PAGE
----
Turnbull, John (DNB00)

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TURNBULL, JOHN (fl. 1800–1813), traveller, was a sailor in the merchant service. While second mate of the Barwell in 1799 he visited China, and came to the conclusion that the Americans were carrying on a lucrative trade in north-west Asia. On his return home he induced some enterprising merchants to fit out a vessel to visit those parts. Sailing from Portsmouth in May 1800 in the Margaret, a ship of ten guns, he touched at Madeira and at Cape Colony, which had recently passed into British hands. On 5 Jan. 1801 he arrived at Botany Bay. The north-west speculation turning out a failure, Turnbull resolved to visit the islands of the Pacific, and devoted the next three years to exploring New Zealand, the Society Islands, the Sandwich Islands, and many parts of the South Seas. At Otaheite he encountered the agents of the London Missionary Society, to whose zeal he bore testimony while criticising their methods. After visiting the Friendly Islands he returned home by Cape Horn in the Calcutta, arriving in England in June 1804. In the following year he published the notes of his travels, under the title ‘A Voyage round the World,’ London, 8vo. Turnbull's narrative is interesting, his criticisms being often acute and always temperate. He deals with a period when the Australian colonies were in their infancy and the South Seas little known. A second edition of the work appeared in 1813 with considerable additions. The first edition was published in an abbreviated form in ‘A Collection of Voyages and Travels,’ vol. iii. London, 1806, 4to.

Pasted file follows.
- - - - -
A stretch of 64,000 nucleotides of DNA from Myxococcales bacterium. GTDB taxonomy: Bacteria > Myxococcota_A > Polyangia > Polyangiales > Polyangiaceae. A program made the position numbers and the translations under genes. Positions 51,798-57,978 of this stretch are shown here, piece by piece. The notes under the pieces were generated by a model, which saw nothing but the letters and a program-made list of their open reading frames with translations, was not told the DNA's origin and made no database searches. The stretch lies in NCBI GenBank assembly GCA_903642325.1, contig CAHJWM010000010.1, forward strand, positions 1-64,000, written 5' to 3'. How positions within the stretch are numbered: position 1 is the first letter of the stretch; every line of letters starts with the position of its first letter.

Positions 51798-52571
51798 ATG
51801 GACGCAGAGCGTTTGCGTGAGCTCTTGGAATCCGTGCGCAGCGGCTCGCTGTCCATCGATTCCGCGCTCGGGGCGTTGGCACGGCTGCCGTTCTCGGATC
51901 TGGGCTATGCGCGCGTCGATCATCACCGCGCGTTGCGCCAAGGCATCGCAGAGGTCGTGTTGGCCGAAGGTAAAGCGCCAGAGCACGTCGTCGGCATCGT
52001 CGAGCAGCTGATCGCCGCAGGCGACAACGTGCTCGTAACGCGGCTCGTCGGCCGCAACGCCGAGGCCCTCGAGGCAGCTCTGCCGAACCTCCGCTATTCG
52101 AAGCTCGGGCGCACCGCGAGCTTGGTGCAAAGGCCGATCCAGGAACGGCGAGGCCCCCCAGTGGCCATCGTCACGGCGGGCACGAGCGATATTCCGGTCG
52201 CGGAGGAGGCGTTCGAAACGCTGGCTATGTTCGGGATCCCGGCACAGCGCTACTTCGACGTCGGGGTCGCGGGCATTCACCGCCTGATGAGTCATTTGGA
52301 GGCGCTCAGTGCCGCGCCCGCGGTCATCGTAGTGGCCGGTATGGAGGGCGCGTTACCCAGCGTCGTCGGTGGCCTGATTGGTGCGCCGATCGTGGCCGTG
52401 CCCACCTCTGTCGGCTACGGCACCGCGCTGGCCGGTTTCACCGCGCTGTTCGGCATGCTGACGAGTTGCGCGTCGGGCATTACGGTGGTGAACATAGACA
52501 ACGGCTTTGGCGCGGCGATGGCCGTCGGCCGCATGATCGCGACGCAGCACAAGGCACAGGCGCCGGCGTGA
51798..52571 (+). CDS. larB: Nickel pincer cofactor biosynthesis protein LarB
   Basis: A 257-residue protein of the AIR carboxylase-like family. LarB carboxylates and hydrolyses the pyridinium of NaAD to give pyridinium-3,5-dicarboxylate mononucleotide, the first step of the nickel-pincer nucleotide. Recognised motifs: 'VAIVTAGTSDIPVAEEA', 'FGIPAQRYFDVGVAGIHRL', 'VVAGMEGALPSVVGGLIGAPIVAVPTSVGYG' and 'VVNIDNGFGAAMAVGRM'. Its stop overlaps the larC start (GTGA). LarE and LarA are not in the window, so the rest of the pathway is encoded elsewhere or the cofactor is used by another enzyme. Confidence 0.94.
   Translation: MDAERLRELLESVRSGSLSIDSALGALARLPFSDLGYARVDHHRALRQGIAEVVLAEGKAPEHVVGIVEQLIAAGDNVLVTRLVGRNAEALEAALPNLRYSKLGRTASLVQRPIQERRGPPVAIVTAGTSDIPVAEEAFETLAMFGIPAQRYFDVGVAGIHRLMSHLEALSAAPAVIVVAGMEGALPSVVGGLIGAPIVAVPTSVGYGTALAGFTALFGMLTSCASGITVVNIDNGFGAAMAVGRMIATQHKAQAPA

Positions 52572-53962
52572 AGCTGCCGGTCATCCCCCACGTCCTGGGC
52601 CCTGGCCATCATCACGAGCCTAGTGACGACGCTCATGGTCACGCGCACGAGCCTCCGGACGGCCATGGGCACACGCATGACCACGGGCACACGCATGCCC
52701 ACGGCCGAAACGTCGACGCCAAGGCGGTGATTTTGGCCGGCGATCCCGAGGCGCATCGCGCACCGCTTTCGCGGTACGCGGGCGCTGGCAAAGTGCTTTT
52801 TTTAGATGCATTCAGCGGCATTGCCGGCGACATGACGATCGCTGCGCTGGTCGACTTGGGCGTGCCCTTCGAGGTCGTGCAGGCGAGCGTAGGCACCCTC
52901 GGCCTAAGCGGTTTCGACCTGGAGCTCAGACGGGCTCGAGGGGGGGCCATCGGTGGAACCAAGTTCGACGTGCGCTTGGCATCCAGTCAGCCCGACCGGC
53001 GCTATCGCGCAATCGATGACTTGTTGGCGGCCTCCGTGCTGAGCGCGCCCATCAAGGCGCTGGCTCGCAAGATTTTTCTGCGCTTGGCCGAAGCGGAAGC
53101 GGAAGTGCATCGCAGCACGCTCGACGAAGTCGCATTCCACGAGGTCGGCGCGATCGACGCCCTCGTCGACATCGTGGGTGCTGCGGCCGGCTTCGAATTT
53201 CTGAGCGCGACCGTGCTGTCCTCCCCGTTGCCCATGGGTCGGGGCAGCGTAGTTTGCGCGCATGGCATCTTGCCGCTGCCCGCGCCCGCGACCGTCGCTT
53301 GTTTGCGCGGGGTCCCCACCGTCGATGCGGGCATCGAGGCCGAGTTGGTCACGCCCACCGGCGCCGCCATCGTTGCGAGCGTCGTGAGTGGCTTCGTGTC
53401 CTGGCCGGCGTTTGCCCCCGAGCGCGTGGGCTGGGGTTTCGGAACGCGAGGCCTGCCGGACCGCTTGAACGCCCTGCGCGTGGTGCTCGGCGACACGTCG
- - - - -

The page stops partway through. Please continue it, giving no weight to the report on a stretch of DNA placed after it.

[Turnbull's Voyage round the World; Edinburgh Review, 1806, ix. 332; Gent. Mag. 1813, i. 547.]

E. I. C.